What began as a labor of love by a Terrace resident to remember his Irish hometown will soon be no more.

Now weathered by age and some damaged by vandals, the 19 miniature replicas of buildings in Jim Allen’s hometown of Youghal have stood next to the George Little House on city property for nearly 10 year.

With the city’s demolition of the adjacent former Co-op Garden Centre, the chain-link fence that protected the village affectionately known as “Tiny Town” will also be demolished.

Longtime residents of Terrace will remember decades back when Tiny Town was home to Allen’s Agar Ave.

The buildings were arranged along the driveway beside the house and in the backyard, creating an attraction for locals and tourists.

The hanging lights during the Christmas season have made this a must-see for those taking a nighttime city lights tour.

When circumstances dictated that Tiny Town needed to be moved, and with the possibility of the buildings being taken down, a temporary home was found at Skeena Mall in 2010.

When the mall was purchased and major renovations began in 2012, the same group of volunteers who organized the move into the mall then organized the move to municipal property, adjacent to the George Little House.

The houses were made to look like a main street and, thanks to a vocational training grant awarded to the Terrace and District Community Services Society, the miniatures were repaired and repainted.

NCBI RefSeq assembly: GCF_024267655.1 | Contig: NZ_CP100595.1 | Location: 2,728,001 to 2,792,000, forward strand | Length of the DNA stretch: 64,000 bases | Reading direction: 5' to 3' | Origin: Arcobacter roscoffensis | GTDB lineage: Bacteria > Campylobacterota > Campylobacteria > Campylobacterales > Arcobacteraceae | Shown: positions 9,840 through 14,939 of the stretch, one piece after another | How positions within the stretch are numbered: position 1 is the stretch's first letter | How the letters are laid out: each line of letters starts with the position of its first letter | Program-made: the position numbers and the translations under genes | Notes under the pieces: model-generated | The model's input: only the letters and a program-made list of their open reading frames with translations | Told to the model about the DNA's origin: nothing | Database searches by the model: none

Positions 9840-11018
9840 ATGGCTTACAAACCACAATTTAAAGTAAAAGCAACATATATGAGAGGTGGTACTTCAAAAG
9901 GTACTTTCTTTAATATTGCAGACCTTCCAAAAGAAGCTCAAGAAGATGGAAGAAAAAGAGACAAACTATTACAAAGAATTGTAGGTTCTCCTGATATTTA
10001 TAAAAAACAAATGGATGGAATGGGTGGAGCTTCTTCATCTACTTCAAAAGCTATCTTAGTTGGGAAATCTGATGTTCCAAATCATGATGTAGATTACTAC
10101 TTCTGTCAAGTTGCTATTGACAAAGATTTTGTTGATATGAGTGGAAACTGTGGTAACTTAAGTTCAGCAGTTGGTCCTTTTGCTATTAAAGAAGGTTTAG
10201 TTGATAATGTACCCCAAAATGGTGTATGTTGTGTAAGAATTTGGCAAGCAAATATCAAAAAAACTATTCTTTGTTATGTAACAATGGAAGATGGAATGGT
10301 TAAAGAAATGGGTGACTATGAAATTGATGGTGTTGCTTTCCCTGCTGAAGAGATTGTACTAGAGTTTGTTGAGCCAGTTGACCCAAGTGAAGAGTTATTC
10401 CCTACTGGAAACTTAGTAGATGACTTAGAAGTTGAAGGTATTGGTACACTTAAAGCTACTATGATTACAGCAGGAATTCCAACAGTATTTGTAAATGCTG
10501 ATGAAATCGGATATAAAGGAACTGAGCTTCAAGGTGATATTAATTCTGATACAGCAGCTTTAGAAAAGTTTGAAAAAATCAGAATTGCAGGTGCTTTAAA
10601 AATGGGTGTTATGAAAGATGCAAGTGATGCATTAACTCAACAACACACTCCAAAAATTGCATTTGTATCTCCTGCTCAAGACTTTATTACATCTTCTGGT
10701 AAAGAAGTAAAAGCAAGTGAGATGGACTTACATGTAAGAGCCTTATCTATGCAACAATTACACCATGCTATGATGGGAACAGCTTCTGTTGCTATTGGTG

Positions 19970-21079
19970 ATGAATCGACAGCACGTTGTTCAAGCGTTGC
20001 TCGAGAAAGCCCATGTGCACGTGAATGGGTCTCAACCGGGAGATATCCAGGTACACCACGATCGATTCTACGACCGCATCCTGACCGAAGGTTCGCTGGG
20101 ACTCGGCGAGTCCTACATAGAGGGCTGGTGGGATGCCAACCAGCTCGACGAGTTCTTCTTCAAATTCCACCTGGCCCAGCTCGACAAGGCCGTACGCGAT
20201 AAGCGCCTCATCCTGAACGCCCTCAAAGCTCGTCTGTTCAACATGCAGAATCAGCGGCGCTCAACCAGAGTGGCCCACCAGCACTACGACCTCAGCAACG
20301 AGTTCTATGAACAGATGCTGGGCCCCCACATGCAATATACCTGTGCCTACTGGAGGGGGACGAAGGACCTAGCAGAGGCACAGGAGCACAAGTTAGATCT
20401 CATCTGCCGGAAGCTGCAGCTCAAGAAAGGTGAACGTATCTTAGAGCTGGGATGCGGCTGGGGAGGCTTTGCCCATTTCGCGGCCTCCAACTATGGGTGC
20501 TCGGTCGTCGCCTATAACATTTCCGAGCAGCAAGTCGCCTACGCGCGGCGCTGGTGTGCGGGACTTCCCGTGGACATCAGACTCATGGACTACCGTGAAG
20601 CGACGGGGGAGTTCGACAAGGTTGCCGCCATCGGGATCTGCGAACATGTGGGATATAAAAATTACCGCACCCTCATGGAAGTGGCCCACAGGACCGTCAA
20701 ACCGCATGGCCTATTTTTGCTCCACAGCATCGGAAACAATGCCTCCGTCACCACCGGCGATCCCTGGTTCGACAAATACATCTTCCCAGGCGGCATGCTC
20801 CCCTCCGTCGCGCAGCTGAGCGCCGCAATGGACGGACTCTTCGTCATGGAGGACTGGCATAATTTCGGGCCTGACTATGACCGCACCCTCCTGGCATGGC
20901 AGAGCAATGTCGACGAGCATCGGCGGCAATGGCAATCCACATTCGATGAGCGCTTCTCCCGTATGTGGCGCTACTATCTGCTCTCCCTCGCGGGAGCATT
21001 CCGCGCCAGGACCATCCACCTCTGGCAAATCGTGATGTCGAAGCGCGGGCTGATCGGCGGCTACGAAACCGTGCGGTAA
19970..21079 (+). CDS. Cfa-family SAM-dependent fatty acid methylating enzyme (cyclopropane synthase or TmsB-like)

Allen of Yougal’s replica included a post office, butcher, cobbler, hairdresser, information center and two pub buildings, one of which also contains an undertaker’s business.

Allen, who came to Terrace in 1956 to help build Sacred Heart Parish, died in 2014 aged 80.

A handful of volunteers have worked to maintain the structures and surroundings for years.

Despite the protection of the fence that the city now wants to remove, vandals have damaged some buildings.

“It’s very sad. He’s had his life,” said one of the remaining volunteers, Debbie Letawksi from nearby George Little House.

She and Leonard Lindstrom, the maintenance manager of George Little House, are evaluating the structures this week to better determine which can be moved and which cannot realistically be saved.

Letawski credited Yvonne Moen, community historian and Town of Terrace Freeman, for spearheading the preservation of Tiny Town in recent years.

She also cited Britny Sharron as one of the people who have played a key role since the move next to the George Little House by arranging tours and helping out.

Letawksi wishes to retain several of the buildings and place them behind the George Little House.

“They will always give people something to watch,” she said.

People who might want one of the others who are in good condition can call Letawski at 250-631-9116.

“They’re heavy and they’ll have to come get them,” she said.

Municipal Heritage Administration

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